Lina Jonikė

Lina Jonikė

Lina Jonikė uses embroidery – one of the oldest techniques of textile decoration – to apply a lyrical, secretive and intriguing pattern to large format photography, and, thus, “silently” offers the viewer clues to a number of potential stories and interpretations. By choosing to portray (or dress up in embroidery) a naked body, the artist compares it to a blank canvas, on which, through the application of stitching, rather than painting, she creates a destiny for an imaginary human being. The textile technique and the textile itself semantically form a parallel to the expression of individuality. A thread in Jonikė’s hands is more than a tool for creation. It serves as a century-old opportunity to reveal both national and cultural identity (determined by family relationships and social-political processes). The artist often employs subconscious codes from the Lithuanian mindset that are inseparable from religion, intermingled with a mythical heritage and mysticism (interpretations of the motives of the Pensive Christ, Virgin Mary and little mermaids). But Jonikė is also not afraid to transform metaphors and attribute to them new meaning. For example, in her work using three colours (a reference to the Lithuanian flag), named “LIE-TU-VA” (Lithuania), she does exactly that by portraying the country’s idyll through the concept of a family.

Jonikė portrays the topic of motherland, which is a reflection of oneself as a part of the nation, (in a technical sense) in a number of her works. Even though the artist combines stitching with photography in all her work, some of her works, however, are embroidered on canvas, and still others create only the illusion of traditional needlework. One particularly intriguing decision by the artist is the creation of a garment (cloak, towel, loin cloth, drapery) to cover a naked body on a transparent plastic panel, thereby further removing it from photography. By employing such a principle in works such as “Pensive Christ” (2001-2002), which shows Christ seated in a melancholic mood, an image peculiar to Lithuanian folk sculpture, or “LIE-TU-VA” (2005), the artist creates an element of intrigue by offering opportunities for the multi-layered interpretation of the works and presupposing the idea of “undressing” the hero.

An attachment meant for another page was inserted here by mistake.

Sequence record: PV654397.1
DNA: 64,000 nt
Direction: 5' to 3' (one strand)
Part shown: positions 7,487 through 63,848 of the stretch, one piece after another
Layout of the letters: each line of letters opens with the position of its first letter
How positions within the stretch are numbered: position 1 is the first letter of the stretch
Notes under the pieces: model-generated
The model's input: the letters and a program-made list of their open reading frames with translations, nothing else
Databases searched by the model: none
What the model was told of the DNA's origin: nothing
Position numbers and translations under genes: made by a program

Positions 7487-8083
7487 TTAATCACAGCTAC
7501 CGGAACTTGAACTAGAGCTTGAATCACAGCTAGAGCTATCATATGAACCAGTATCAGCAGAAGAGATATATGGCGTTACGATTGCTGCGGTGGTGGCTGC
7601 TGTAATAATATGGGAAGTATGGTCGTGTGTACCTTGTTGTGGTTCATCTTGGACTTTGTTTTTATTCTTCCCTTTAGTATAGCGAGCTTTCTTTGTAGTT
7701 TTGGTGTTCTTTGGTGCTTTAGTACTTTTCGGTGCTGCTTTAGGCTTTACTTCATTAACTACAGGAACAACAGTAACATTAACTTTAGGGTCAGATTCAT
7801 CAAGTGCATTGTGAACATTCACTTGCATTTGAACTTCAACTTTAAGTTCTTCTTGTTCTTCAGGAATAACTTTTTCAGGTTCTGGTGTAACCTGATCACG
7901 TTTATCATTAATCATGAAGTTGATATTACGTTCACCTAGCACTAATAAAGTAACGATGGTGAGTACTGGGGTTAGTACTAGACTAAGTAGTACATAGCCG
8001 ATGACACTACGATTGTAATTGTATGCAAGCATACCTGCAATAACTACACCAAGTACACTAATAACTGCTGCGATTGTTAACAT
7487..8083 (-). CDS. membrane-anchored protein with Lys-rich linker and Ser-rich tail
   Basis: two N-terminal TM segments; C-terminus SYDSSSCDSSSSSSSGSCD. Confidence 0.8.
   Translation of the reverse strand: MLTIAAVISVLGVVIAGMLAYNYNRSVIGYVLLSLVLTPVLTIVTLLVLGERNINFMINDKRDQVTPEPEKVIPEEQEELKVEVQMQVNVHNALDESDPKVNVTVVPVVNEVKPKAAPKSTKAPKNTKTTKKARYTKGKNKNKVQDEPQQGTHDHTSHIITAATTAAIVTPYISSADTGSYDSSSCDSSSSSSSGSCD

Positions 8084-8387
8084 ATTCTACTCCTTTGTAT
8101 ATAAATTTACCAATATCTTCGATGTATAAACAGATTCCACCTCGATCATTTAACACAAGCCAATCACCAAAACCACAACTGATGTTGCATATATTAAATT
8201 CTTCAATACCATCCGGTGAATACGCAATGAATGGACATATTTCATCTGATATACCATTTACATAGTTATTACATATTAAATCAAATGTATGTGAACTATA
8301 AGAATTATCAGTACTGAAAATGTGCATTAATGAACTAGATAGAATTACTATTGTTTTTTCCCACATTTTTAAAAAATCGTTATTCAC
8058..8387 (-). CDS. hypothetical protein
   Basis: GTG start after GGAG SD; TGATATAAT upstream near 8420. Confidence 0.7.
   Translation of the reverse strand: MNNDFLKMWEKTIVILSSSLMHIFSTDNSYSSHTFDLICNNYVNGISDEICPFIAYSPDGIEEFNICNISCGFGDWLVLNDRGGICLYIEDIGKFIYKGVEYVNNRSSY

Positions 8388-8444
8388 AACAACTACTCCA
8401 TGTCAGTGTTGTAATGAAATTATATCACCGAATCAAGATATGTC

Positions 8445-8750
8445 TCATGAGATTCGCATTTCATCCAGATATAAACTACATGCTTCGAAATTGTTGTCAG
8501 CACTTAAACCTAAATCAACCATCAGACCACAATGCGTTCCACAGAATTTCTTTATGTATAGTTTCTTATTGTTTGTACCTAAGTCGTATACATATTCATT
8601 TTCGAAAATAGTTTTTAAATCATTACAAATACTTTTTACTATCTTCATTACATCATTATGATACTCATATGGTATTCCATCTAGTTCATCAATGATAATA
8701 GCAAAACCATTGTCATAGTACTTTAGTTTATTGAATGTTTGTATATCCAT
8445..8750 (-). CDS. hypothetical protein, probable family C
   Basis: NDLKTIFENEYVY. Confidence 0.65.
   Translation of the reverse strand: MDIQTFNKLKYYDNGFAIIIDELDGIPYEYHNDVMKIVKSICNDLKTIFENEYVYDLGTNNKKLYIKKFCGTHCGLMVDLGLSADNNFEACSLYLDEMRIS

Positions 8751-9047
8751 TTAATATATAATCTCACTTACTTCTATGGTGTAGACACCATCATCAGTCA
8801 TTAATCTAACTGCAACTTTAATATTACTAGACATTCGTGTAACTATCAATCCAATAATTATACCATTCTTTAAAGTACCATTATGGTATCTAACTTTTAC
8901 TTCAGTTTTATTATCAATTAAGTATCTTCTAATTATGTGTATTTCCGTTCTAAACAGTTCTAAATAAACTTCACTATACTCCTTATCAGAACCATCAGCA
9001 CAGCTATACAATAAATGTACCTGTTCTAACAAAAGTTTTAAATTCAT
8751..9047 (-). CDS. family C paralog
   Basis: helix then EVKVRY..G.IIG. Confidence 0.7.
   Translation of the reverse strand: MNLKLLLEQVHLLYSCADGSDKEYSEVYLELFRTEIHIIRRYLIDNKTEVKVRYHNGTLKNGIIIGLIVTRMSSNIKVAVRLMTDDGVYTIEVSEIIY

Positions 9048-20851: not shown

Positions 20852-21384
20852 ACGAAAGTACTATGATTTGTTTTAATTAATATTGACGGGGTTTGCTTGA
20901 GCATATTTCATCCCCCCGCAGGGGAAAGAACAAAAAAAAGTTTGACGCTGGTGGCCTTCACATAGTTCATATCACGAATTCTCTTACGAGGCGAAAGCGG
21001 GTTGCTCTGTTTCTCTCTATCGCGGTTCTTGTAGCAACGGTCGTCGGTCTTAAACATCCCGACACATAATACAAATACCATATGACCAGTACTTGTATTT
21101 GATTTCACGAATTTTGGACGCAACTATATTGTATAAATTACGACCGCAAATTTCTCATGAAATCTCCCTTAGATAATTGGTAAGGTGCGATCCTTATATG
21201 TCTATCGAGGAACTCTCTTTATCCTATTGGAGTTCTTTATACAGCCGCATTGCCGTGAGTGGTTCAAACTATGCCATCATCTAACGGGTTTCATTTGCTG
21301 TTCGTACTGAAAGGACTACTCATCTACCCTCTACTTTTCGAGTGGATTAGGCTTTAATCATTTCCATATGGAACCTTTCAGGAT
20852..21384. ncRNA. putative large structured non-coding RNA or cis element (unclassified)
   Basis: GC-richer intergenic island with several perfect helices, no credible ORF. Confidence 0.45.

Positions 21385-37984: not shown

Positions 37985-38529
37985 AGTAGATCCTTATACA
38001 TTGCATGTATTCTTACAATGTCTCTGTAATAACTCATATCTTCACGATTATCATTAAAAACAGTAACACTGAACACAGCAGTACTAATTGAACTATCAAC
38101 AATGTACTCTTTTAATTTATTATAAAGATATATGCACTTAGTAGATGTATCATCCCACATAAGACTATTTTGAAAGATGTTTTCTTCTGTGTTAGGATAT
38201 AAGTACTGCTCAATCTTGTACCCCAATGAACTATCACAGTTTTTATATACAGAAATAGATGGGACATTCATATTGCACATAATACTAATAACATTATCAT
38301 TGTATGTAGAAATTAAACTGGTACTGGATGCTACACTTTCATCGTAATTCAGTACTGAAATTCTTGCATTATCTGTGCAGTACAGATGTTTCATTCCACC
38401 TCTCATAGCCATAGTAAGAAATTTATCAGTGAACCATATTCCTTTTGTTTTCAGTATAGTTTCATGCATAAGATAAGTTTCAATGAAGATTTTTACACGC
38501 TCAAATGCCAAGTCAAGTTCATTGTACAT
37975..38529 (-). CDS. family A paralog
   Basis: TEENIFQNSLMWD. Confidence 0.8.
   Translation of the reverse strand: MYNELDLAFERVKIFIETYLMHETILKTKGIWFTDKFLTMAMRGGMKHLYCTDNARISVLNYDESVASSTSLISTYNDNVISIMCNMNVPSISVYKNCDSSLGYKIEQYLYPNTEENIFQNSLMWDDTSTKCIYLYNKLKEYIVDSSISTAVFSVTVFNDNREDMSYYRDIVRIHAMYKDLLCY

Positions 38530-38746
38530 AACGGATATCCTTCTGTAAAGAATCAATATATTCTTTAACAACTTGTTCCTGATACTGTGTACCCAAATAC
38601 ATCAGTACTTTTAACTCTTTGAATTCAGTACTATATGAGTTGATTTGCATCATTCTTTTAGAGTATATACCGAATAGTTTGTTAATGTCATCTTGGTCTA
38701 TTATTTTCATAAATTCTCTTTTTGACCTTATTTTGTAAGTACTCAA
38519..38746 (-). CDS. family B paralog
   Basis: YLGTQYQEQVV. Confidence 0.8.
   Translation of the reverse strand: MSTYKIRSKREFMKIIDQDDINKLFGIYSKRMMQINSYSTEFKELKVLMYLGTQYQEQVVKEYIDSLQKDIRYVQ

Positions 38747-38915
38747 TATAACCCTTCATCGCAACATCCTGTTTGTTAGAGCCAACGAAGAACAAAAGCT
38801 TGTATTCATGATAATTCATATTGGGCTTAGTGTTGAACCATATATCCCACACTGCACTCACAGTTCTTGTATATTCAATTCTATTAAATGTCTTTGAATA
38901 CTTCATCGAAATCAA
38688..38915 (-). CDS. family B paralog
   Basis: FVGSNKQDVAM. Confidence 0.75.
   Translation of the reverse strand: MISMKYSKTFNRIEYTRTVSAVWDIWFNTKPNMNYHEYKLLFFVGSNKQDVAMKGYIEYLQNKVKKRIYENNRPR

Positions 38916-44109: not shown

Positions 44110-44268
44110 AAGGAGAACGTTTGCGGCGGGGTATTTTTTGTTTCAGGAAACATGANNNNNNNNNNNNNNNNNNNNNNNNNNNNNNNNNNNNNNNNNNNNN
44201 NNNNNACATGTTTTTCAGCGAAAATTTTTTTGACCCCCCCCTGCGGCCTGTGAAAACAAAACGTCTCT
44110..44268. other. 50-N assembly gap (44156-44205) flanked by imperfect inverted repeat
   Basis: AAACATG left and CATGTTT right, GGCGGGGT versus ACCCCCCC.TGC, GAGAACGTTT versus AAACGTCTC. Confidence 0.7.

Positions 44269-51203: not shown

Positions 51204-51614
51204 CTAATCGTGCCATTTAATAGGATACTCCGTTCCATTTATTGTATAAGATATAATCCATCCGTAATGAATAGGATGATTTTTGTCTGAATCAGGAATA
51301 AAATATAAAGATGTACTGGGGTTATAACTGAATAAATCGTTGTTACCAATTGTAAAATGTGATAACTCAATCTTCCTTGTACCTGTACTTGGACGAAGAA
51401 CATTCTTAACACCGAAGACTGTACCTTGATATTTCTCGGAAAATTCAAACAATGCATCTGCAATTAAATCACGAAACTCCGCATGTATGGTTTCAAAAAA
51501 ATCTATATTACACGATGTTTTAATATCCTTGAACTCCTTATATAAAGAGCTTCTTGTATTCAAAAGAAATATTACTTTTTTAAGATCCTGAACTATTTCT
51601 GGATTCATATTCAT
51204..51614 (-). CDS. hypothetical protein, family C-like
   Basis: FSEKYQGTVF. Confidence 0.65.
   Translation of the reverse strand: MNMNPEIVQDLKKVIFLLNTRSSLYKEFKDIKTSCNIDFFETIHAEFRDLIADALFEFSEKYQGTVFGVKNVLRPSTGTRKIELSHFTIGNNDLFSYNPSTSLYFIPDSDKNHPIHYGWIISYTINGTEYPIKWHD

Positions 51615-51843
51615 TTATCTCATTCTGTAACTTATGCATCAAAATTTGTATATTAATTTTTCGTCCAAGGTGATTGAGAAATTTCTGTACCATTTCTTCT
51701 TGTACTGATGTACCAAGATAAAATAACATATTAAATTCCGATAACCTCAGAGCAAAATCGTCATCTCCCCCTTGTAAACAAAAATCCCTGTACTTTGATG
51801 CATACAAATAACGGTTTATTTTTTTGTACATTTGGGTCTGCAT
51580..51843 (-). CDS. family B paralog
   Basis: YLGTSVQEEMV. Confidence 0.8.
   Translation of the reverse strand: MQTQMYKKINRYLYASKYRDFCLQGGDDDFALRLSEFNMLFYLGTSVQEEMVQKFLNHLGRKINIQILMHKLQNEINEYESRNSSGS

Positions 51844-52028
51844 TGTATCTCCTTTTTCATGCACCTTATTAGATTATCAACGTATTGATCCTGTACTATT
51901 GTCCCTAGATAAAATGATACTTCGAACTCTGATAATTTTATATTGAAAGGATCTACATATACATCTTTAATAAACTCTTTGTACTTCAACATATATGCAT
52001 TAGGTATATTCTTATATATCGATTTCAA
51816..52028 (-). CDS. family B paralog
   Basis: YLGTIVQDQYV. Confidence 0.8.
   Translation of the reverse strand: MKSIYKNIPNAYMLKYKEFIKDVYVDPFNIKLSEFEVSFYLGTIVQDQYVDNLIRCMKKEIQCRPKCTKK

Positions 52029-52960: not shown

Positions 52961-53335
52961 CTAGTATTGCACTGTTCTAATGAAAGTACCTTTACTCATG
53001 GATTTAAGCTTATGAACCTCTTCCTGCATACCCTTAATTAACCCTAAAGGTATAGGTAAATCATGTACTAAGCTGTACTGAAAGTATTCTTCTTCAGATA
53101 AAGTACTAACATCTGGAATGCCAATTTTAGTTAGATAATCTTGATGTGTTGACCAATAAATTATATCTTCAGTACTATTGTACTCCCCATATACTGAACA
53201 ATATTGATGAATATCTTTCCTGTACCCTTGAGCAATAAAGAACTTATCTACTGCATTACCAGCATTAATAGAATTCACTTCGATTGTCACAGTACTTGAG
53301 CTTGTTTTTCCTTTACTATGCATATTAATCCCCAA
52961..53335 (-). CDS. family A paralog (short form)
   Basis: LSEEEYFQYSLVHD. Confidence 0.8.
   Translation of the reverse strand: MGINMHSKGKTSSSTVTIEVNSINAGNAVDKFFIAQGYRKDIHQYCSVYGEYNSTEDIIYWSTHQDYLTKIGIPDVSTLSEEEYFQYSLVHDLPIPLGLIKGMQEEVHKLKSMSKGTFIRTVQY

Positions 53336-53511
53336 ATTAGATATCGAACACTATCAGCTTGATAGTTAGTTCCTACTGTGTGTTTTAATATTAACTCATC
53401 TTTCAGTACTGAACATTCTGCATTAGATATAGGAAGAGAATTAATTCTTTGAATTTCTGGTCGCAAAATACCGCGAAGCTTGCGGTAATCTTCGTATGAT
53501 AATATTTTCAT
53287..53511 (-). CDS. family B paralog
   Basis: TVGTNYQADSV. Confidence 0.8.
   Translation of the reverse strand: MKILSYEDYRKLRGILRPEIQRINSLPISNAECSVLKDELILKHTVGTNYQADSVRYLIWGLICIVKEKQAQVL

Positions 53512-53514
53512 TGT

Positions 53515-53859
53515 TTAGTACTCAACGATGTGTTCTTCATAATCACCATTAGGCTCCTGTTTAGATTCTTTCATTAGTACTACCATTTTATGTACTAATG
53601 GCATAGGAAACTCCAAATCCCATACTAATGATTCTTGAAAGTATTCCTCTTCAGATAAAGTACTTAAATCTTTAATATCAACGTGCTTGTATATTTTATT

Jonikė’s work is particularly feminine. By choosing feminine topics and perspectives, as well as an ancient technique (embroidering), the artist is able to speak about the archetypal experience of contemporary women, and focuses not on feminist or cultural frustration (as, for example, is the case in the embroidered works by Ahmer), but on the search for an inner peace that is only possible through realising ones identity.

Art critic Virginija Vitkienė

Translated by Michael Haagensen

Fragment from the article „Art as a Manifestation of Being“ in Cloth & Culture NOW. Ed. By Lesley Millar. University College for the Creative Arts. London: Direct Design, 2007.